Thornton Bradshaw, presiding over his first annual meeting as chairman of RCA Corp., spent much of nearly four hours today fielding angry questions from shareholders whose mood wasn't helped by the sharply reduced quarterly dividend that they had just received in the mail.
In his opening remarks, Bradshaw promised better days ahead, but he warned that although "1982 will be a far better year for RCA than 1981, we will still fall short of our true potential."
The quarterly dividend was slashed to 22 1/2 cents a share from 45 cents after the company's disastrous 1981 results, when annual earnings dropped to $54 million from $315.3 million in 1980 on static sales of $8 billion. For the first quarter of this year, the company reported earnings of $60.5 million, up from $42 million in 1981.
Bradshaw said that RCA's woes were a result of the company getting "away from its roots--roots that are intertwined with the history of the electronic industry." RCA's future is in electronics, entertainment and communications, Bradshaw said.
Grant Tinker, the man chosen by Bradshaw as chairman of NBC to bolster the network's fortunes, told the shareholders, "I look at next fall as the beginning of a turnaround for NBC."
Referring to efforts to sell off some of the diverse business acquired by his predecessors, Bradshaw said the search continues for a buyer for Hertz Corp. CIT Financial Corp., another major acquisition, has been profitable and will remain in the RCA fold, he said.
Commenting on rumors that the company is a takeover target whose parts are worth more than RCA's current market value, Bradshaw said management would resist "to the utmost" any "attempt at dismembering this corporation."
The company greeted the recent disclosure that Bendix Corp. had acquired 5.5 million shares of RCA with a strong statement because "we were determined to maintain the independence of RCA," the 64-year-old chairman said.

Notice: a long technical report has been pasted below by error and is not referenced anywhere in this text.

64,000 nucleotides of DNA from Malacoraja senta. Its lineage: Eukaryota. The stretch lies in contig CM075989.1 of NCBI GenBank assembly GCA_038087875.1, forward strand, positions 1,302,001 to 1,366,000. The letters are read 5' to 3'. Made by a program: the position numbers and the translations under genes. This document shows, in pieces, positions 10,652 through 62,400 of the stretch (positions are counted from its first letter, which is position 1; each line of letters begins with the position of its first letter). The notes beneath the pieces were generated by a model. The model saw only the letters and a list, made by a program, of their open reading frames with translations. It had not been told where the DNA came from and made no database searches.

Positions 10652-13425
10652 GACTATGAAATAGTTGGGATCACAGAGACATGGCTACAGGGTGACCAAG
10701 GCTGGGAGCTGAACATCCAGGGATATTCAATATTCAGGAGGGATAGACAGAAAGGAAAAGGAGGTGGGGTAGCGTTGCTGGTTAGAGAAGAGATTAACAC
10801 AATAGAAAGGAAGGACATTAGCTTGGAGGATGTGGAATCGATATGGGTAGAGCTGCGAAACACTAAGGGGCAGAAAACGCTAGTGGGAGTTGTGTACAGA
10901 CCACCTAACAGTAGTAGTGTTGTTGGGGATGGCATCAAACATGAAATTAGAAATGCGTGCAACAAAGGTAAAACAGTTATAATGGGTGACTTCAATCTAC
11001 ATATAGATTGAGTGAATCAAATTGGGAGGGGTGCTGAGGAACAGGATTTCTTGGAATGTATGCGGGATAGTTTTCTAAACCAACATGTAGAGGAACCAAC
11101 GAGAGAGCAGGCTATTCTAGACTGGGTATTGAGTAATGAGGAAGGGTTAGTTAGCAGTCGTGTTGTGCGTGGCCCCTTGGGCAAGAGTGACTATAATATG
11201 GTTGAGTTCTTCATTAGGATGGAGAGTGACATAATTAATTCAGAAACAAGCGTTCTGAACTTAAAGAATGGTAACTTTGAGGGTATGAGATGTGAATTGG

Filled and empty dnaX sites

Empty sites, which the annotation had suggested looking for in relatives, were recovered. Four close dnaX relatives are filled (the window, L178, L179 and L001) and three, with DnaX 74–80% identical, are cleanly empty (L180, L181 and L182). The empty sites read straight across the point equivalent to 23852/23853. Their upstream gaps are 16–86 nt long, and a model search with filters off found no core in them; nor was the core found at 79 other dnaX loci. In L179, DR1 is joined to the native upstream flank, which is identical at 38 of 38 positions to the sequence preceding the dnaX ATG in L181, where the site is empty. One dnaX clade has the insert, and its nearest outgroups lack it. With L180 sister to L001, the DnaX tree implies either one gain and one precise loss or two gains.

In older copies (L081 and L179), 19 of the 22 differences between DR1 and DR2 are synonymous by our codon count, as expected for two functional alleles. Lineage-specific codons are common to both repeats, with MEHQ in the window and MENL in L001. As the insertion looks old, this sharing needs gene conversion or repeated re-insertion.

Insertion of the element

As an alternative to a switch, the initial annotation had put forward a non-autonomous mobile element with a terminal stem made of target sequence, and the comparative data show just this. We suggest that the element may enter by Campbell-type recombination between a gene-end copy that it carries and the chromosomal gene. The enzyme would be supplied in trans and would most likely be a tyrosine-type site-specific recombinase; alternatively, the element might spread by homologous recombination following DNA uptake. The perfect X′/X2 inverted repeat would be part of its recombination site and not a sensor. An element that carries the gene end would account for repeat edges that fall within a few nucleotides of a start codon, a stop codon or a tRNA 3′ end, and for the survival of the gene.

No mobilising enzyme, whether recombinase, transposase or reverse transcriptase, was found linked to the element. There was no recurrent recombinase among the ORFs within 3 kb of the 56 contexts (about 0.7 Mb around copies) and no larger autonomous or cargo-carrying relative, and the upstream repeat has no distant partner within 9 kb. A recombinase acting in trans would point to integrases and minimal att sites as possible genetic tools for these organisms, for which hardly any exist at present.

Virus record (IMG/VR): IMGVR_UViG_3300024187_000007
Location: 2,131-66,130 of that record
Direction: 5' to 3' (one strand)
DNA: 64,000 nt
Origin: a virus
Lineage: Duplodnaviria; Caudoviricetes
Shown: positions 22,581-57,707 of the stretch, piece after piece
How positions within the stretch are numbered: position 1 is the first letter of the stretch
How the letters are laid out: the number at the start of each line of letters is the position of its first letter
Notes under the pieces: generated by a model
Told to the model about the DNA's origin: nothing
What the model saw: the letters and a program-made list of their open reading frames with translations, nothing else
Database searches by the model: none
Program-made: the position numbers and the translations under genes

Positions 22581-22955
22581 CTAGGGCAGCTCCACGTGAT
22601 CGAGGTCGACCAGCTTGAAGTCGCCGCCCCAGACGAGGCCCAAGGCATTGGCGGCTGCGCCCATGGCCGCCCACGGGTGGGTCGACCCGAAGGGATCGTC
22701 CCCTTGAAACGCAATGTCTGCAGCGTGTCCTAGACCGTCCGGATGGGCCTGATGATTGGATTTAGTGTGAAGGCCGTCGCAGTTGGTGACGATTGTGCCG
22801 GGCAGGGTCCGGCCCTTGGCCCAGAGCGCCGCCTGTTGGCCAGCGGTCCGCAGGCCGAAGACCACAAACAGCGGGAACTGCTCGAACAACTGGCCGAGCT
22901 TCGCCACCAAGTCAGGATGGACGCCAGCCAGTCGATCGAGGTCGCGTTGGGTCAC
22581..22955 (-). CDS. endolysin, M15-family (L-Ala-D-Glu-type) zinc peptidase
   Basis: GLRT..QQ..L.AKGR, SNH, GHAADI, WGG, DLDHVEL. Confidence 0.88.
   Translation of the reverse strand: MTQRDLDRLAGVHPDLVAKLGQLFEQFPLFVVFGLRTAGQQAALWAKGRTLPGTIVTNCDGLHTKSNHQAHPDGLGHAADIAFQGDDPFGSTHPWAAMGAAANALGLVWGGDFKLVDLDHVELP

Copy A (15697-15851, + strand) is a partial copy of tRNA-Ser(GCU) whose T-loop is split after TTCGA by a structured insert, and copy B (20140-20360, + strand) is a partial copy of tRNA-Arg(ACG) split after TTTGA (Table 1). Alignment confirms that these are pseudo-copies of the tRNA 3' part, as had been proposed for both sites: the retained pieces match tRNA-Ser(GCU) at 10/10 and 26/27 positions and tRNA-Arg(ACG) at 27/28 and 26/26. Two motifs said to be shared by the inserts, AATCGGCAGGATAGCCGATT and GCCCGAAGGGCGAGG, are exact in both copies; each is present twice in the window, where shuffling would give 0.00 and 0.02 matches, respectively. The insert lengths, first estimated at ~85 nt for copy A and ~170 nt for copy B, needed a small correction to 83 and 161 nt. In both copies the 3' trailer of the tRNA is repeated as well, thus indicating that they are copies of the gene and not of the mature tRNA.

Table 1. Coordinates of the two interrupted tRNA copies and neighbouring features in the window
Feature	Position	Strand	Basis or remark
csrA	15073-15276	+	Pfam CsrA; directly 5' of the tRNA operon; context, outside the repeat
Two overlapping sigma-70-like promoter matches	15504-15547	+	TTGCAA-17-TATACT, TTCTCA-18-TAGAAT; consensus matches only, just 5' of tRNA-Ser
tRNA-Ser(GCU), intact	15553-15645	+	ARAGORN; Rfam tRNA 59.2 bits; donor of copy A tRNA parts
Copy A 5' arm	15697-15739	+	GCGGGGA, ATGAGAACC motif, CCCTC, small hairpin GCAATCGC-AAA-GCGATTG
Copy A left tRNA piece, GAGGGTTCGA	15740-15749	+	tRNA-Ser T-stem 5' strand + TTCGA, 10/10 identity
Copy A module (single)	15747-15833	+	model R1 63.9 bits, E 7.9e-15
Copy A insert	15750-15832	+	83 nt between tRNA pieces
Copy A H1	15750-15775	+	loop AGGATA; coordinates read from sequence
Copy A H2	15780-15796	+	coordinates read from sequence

At the the meeting, held in a spacious NBC studio at Rockefeller Center, the critics included a number of retired RCA employes and other pensioners who rely on dividend income and who are concerned about RCA's future.
Bradshaw, who for the most part listened and made only terse comments, reacted with unusual vehemence when a shareholder said that, because Bradshaw had been a board member since 1972, he shares the blame for the company's current financial reverses.
"The direction of the company was set 12 years ago on the premise that the electronics business had matured," replied Bradshaw, who left the presidency of Atlantic Richfield Co. last year to head RCA. Once the diversification was under way, "You could not turn back the clock because, after all, earnings were increasing," he said.
After Bradshaw introduced his board of directors--which has been trimmed from 15 to 8 members with Bradshaw the only RCA executive on it--there was sharp criticism of the directors' modest holdings of company shares. Of the eight, Bradshaw owns 6,100 shares, but the others have 500 or fewer, with three owning 100 shares. One shareholder was applauded when he asked, "Why don't the directors want to participate in the company's future?"
Bradshaw said the person chosen to fill the open presidency slot will join him on the board. He maintained that companies benefit by having a majority of the board members from outside the organization.
However, stockholders noted that a number of outside directors have close ties to RCA. They pointed out that board member Donald B. Smiley, for example, has a $150,000-a-year consulting contract with RCA and was instrumental last year in the decision to name fellow board member Bradshaw as chairman. Another shareholder commented that director Peter G. Peterson is chairman of Lehman Brothers Kuhn Loeb, which handles about one-third of RCA's investment banking business.